The coming of age of the information based society is having profound effect on FM, changing the way we perceive ourselves, how we go about our mission, and how our contribution is valued by others. FM must recognize these fundamental shifts and invest appropriately to position itself as a key contributor to the evolving workplace and by extension society in general.
A Cohesion of Information Technologies
A symphony of new and maturing technologies now interact to make information more available. This convergence of capabilities presents opportunities that extend from nuanced leveraging for those in the forefront to a more pronounced leap for those who have not yet adopted information exploitation as a strategy.
Gartner coined the phrase “Nexus of Forces” to describe the parallel emergence of multiple information channels and value assets. Their definition includes mobile computing, cloud computing, big data and analytics, and social media. While this may be an IT-centric term it is one that FM’s should be aware of and adopting. The IT-FM merge is well documented and understood; certainly it needs no explanation to any FM who is dependent upon IT systems for information and performance of even basic FM duties. Whether you are coordinating conference room reservations and services, managing work flow, or optimizing building performance you are dependent upon information systems that communicate and integrate in seamless fashion.
Add to this the “Internet of Everything” in which machines communicate directly with other machines and systems. I receive an automatic calendar invite for my car’s next oil change when needed. How does that happen? The onboard computer monitors the oil condition based on engine analytics and notifies a central database when the oil life hits 15% remaining. The database then predicts the 5% remaining date and coordinates with another database which houses my appointment preferences, resulting in a calendar invite being sent to me automatically. The first human interaction in this process occurs when I smile and thank the arrival attendant for the cup of hot coffee at eight o’clock on a Saturday morning. By 2020 an estimated fifty billion (yes, 50 Billion) intelligent devices will be linked together, sharing information. In the FM domain this relates to streamlining service and supply chains, improved work flow efficiency, designs based on evidence and analytics, and increased value proposition to the organizations we serve.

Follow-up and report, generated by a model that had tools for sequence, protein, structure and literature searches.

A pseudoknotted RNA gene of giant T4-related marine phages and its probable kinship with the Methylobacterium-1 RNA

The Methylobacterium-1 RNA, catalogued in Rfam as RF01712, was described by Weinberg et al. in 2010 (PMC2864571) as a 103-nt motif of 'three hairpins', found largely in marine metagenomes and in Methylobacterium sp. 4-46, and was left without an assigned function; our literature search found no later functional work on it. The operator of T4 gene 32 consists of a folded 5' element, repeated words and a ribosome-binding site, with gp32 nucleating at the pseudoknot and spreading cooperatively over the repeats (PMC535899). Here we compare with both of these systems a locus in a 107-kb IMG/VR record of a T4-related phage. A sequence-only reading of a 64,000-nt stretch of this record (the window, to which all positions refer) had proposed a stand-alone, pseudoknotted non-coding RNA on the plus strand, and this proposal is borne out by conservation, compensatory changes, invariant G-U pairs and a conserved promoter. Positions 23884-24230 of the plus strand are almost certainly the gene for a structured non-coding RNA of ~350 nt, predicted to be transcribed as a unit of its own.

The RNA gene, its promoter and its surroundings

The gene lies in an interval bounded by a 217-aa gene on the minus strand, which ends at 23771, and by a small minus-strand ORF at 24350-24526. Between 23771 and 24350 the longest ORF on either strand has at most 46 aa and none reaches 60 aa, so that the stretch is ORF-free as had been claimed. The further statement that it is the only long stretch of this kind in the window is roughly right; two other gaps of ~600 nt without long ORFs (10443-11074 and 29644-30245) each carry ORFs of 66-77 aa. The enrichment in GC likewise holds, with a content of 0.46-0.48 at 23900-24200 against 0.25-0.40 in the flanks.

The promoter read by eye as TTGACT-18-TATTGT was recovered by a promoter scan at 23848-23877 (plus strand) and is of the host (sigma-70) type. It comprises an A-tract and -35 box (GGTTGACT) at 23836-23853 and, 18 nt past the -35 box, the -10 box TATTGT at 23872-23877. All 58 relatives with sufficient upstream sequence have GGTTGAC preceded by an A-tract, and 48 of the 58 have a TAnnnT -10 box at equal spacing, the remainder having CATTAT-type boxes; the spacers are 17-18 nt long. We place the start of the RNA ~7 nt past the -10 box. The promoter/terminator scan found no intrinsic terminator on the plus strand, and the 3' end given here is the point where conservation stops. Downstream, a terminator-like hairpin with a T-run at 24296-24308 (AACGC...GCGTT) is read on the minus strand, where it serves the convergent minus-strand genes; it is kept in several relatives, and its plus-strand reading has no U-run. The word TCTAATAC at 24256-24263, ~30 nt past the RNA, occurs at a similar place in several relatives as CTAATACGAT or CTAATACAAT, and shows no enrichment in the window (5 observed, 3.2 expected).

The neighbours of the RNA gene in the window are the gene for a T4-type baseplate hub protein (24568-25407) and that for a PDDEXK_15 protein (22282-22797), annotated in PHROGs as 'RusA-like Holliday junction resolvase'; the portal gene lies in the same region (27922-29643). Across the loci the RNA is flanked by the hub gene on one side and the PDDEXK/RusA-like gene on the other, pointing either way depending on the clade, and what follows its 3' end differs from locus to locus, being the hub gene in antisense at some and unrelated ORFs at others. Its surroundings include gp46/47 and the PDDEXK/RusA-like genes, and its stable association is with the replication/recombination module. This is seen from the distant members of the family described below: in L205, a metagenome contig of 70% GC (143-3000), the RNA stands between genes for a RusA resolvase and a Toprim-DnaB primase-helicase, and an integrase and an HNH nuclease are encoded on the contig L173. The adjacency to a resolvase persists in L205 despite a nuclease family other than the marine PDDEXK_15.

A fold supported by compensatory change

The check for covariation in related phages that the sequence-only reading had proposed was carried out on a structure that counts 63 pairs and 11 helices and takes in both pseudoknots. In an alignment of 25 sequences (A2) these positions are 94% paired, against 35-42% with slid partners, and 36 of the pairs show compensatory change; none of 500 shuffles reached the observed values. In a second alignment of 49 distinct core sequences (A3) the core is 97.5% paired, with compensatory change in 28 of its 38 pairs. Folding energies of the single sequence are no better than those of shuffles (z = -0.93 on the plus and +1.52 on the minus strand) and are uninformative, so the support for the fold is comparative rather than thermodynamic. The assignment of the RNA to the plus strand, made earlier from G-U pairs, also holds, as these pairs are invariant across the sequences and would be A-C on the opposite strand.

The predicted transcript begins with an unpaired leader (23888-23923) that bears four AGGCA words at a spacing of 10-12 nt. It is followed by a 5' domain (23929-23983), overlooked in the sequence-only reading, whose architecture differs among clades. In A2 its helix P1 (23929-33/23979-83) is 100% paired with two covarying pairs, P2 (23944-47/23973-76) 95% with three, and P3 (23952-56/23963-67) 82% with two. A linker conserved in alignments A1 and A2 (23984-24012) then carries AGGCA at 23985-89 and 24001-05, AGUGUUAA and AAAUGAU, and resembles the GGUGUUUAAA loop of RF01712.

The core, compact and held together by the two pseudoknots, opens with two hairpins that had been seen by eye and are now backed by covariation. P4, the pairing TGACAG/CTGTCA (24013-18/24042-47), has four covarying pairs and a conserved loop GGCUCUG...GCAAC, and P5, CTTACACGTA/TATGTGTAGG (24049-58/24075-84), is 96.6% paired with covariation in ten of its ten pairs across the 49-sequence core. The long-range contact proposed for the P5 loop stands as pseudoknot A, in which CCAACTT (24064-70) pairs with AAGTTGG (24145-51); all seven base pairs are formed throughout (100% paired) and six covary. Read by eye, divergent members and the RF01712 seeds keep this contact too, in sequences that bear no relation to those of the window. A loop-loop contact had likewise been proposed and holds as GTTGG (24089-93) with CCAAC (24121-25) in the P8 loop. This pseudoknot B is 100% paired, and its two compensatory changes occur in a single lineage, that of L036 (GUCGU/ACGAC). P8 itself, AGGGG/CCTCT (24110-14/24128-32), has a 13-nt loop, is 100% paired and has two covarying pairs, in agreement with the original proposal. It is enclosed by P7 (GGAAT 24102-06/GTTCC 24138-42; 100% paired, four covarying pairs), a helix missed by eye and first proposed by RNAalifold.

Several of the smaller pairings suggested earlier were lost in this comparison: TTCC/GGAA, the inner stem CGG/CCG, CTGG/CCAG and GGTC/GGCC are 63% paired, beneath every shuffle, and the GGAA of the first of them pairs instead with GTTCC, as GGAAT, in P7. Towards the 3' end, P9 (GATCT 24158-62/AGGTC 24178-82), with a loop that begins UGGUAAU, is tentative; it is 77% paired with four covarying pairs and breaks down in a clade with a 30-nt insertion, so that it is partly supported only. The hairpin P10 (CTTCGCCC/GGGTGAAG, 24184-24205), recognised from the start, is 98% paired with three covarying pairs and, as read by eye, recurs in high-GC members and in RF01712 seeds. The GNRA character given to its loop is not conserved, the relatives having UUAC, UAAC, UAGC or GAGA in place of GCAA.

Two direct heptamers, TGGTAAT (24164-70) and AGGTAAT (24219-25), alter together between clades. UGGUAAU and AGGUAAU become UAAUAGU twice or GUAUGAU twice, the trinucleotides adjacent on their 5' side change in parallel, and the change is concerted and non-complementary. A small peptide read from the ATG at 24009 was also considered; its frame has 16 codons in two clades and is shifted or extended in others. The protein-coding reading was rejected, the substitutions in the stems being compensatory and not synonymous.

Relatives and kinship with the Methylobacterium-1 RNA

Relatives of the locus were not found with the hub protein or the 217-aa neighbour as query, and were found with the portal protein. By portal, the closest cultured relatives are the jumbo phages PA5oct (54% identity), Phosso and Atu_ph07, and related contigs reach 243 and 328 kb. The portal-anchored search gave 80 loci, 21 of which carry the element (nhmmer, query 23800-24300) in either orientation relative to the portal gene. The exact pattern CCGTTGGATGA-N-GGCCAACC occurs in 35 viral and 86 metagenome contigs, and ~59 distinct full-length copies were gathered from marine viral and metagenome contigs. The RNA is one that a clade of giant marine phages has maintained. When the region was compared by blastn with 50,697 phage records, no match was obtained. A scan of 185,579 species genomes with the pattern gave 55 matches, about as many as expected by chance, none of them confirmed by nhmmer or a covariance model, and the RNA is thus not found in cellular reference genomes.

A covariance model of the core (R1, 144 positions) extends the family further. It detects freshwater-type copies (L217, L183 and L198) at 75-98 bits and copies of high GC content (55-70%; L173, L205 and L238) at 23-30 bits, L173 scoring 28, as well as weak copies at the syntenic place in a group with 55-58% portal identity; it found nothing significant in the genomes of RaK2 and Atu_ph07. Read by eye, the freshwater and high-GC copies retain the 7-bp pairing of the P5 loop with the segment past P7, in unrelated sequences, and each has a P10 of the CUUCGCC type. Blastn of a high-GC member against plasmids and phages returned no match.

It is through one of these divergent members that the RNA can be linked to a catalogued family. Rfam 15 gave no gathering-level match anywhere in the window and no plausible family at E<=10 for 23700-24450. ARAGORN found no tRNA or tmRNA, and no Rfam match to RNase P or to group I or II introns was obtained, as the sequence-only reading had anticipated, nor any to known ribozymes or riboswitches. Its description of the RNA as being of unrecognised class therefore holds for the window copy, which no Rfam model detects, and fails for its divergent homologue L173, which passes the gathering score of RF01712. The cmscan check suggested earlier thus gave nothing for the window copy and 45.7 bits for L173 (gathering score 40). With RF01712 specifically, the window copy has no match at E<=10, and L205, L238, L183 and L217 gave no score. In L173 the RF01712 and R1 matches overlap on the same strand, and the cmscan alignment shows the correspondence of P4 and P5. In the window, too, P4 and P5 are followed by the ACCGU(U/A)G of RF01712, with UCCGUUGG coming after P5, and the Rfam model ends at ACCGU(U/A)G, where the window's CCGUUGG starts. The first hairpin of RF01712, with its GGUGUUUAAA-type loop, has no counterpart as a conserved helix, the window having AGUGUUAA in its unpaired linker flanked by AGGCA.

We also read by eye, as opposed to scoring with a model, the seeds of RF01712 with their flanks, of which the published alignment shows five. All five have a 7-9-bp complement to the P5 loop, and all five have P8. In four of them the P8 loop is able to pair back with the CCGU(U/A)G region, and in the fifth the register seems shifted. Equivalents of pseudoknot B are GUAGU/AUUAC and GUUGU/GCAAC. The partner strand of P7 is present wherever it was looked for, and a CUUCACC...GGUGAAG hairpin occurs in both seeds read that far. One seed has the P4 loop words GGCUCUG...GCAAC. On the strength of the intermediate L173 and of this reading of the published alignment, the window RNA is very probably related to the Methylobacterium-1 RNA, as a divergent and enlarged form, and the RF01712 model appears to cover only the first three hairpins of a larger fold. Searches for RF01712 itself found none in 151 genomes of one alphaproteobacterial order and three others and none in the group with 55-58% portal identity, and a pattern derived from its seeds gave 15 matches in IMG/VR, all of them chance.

Nancy Johnson Sanquist, Vice President of Marketing and Communications at Manhattan Software refers to this amalgam of information as the “era of radical connectedness.” It is important that FM’s realize this era is upon us and that inclusion by participation is an imperative.
FM’s Mission: Innovate, Adopt, Adapt
Along with increased information comes a need to improve agility and nimbleness. All of the business intelligence in the world is useless if you cannot take advantage of it in time. Today’s business norm is characterized by my favorite new (to me) acronym, “VUCA,” which stands for volatile, uncertain, complex, and ambiguous. That certainly describes my workplace and I suspect yours as well. It is the new business norm. In this environment the ability to quickly understand what is happening, what it means and the range of possible outcomes; and to derive from that appropriate strategies and responses is a core capability.
Gone are the days when FM can operate in a silo focused on transactional excellence. Today’s business environment demands innovation that crosses traditional boundaries. To be successful in this we must function as thought leaders for our organizations and build relationships based in value and benefit.
The key issue is FM’s ability to collect, curate, understand and leverage data. Big data, data from and about virtually everything we do. We need to collect it from others as well, integrate it with our own and share the improved operational intelligence it provides. To do this FM must include data management and analysis as a core competency. Data skillsets should reside inside the FM organization so they are not at risk of being diluted in their FM effort and so they become a true part of the profession, not merely bolt on “accountants” who do not understand the challenges we face or the nuances and opportunity the data illuminates.
Agility and nimbleness are more than just being data savvy. They are derived from mindsets, values and strategies; and dependent upon capability and capacity. They afford us the option to pivot quickly and take advantage of opportunities should we so desire. They are the opposite of “analysis paralysis” and are triggered rather by rapid realization of opportunities based on understanding empirical evidence and the presence of an existing capacity with which to respond. This agility is fundamental to any organization that intends to innovate.
Next week: A look at how traditional organizational roles are blurring and specific actions FM can take to successfully navigate today’s business environment.